Is the use of encryption a silver-bullet for HIPAA covered entities that are looking to gain safe harbor from the notification policies found under the HITECH Breach Notification Rule? Generally, yes. There is a caveat, however, as Amedisys's recent breach notification shows: you must be able to prove that the encrypted data remains secure after the data breach. Otherwise, what's the use of using HIPAA-grade encryption software for laptops?
What happened at Amedisys? On March 2nd, the hospice care provider revealed that they were unable to account for 142 encrypted computers and laptops. Which is unusual for a number of reasons:That's a lot of devices. Was the company not doing regular checks, say every 12 months or so? Because that's a lot of devices to go missing unless audits were pretty rare.These devices were encrypted. Although there's always room for mistakes and paranoia, if the company determined that all of these were encrypted when they went missing, there's really no reason to notify anyone about it. (It should be noted that Amedisys issues a press release, which means they elected to notify basically everyone who had an internet connection.)While the ratio of missing desktop to laptop computers was not given, it's hard to imagine that it took an inventory check to see whether desktop computers were missing. Even if only one were missing, it tends to raise alarms in a way missing laptops do not.The company further stated that the following personal information could have been stored on these devices: "name, address, Social Security number, date of birth, Medicare and insurance ID numbers, medical records and other personally identifiable data."Amedisys revealed that a total of 6,909 patients were affected. Where did these laptops and desktops go?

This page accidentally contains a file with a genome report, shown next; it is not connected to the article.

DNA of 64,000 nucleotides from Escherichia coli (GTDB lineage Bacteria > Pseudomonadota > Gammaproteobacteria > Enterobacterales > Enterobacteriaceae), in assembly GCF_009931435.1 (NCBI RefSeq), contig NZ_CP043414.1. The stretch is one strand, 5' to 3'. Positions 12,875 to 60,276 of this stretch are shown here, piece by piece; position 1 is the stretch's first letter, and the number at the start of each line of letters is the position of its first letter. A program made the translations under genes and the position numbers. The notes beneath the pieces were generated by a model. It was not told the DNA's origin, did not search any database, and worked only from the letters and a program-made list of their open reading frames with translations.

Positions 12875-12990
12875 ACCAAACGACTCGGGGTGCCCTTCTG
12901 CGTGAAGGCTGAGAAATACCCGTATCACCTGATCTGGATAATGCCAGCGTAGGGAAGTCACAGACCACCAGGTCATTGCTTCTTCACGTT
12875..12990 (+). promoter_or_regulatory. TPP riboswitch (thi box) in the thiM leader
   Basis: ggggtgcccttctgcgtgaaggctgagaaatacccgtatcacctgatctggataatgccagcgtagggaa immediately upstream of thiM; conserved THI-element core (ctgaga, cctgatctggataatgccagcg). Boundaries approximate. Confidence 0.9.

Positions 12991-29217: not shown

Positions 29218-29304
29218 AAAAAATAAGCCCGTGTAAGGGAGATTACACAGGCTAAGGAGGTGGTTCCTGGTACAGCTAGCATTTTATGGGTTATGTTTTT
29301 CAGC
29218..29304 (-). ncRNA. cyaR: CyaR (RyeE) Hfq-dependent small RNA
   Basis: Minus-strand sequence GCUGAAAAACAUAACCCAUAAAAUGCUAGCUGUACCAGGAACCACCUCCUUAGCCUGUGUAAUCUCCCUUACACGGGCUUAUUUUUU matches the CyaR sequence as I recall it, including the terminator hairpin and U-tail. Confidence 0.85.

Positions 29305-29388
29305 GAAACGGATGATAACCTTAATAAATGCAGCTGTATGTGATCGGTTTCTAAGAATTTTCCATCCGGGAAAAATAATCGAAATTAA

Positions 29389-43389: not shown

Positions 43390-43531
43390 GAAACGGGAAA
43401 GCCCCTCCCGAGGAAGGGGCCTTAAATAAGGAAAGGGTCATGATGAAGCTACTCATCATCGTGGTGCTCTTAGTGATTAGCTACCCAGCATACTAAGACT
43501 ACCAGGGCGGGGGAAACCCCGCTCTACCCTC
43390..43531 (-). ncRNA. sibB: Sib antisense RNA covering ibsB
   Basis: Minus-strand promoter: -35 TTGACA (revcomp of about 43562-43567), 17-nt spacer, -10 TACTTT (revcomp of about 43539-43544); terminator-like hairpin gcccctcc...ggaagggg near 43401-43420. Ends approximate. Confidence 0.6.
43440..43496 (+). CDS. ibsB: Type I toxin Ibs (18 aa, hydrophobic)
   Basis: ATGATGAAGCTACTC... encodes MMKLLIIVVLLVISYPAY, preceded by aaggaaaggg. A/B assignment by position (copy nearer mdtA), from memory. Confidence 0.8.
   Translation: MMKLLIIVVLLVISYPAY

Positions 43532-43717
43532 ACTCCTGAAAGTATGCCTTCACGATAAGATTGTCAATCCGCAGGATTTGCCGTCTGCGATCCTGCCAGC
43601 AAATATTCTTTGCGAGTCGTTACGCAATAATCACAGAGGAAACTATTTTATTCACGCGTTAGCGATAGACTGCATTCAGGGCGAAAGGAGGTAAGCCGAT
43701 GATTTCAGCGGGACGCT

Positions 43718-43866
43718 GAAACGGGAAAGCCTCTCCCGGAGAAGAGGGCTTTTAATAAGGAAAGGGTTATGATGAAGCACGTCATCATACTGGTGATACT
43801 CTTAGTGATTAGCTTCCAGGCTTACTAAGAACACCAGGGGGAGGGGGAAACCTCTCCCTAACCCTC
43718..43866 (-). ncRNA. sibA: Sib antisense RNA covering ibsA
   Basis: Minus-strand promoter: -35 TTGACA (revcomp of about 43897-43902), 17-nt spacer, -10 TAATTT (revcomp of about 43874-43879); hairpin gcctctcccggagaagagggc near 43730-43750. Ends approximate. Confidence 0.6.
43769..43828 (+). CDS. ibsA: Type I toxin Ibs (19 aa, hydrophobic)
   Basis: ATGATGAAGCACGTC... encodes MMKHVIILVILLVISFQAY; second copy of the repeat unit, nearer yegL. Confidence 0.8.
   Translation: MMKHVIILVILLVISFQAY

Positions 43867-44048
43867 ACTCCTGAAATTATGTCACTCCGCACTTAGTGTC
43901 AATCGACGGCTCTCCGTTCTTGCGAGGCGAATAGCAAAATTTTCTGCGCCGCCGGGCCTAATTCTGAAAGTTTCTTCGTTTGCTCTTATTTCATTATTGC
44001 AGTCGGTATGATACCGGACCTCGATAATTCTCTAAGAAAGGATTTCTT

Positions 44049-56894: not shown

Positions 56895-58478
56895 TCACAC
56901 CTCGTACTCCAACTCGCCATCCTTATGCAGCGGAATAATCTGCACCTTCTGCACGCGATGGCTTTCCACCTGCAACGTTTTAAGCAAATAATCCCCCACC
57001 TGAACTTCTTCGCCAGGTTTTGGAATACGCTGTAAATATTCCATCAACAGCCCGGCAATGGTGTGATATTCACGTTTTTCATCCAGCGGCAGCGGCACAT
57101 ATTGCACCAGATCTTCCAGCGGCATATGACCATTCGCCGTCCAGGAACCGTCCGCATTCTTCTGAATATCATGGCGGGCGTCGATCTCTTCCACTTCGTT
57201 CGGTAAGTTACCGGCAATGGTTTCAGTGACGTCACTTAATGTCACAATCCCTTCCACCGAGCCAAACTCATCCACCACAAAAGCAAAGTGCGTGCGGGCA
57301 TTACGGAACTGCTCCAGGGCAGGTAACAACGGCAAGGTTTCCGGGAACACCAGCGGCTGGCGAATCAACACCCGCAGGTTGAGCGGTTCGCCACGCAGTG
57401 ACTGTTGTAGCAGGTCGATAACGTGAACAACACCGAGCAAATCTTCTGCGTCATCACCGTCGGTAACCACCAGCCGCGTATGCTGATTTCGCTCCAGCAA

As it turns out, these devices were "assigned to Amedisys clinicians and other team members who left the company between 2011 and 2014." And that's a problem in many ways.The last time I checked, computing hardware still costs a bit of money. That these devices were essentially given away when people left employment means either that Amedisys had poor controls or is (was?) a very generous company. (On second though, it could also mean the devices were so subpar technologically that management decided giving them away would be cheaper than collecting them back.)Also, the software that is installed on these unaccounted-for machines can be costly. For example, the cost of AlertBoot's full disk encryption is on a "per machine" basis, regardless of how many logins are tied to each one of those machines. Let's say that Amedisys was using AlertBoot. Unless the licenses are retrieved from missing devices, the company would be footing the bill for machines they no longer had control over. Admittedly, we cannot exclude the possibility that the company was using free software like the recently-deceased TrueCrypt, which would allow such actions to be impact-free from a financial perspective.The biggest problem, though, and the one that touches on the HIPAA encryption caveat I mentioned at the top of this post, is that the information of patients can be breached despite the use of strong encryption: the clinicians and other team members have the passwords and can access the data.
One of the rising problems of medical data breaches centers around employees: while most can be trusted, there is that small faction with a bent towards malfeasance. If we can claim that around 2% of employees engage in activities like stealing medical IDs for resale on digital black markets, and that each missing Amedisys device represents one person, then about 3 people could have made use of the fact that they conveniently hold the passwords to encrypted data.(One way of preventing of such scenarios from occurring, assuming that devices cannot be collected, is to trigger a remote wipe of the data – if the encryption solution has such a capability built-in the way AlertBoot does).